MedicalResearch.com Interview with:
David Arterburn, MD, MPH
Kaiser Permanente Washington Health Research Institute
MedicalResearch.com: What is the background for this study? What are the main findings?
Response: More than 9 percent of adult Americans—about 30 million people—are estimated to have type 2 diabetes, according to the American Diabetes Association. The disease tends to worsen over time, with blood sugar levels rising along with the risks of developing large blood vessel (macrovascular) complications like heart attack and stroke, as well as small blood vessel (microvascular) complications affecting the nerves of the feet and hands (neuropathy), kidneys (nephropathy), and eyes (retinopathy).
Among more than 4000 patients who underwent bariatric surgery, the 5-year incidence of microvascular disease — including neuropathy, nephropathy, and retinopathy — was nearly 60% lower than that of 11,000 matched nonsurgical control patients receiving usual diabetes care.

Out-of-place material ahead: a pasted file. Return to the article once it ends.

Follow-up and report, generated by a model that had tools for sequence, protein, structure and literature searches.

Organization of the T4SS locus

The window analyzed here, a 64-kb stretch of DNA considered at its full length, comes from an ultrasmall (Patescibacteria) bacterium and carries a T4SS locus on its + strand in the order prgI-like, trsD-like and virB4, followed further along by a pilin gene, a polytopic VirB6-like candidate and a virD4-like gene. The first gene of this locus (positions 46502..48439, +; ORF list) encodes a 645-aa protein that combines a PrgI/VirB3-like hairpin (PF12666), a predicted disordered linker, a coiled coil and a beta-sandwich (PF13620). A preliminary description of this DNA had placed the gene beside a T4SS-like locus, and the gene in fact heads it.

MedicalResearch.com: What should readers take away from your report?
Response: These results suggest that everyone with diabetes and severe obesity should have a conversation with their doctor about whether bariatric surgery is a reasonable treatment option for their them, weighing the risks and benefits
MedicalResearch.com: What recommendations do you have for future research as a result of this work?
Response: Future research should seek to understand why so few patient with diabetes undergo bariatric procedures each year, given the mounting evidence that bariatric surgery is associated with better long-term diabetes outcomes and better long-term survival.
Disclosure: This research was funded by the National Institute of Diabetes, Digestive, and Kidney diseases (NIDDK)
O’Brien R, Johnson E, Haneuse S, Coleman KJ, O’Connor PJ, Fisher DP, et al. Microvascular Outcomes in Patients With Diabetes After Bariatric Surgery Versus Usual Care: A Matched Cohort Study. Ann Intern Med. [Epub ahead of print 7 August 2018] doi: 10.7326/M17-2383
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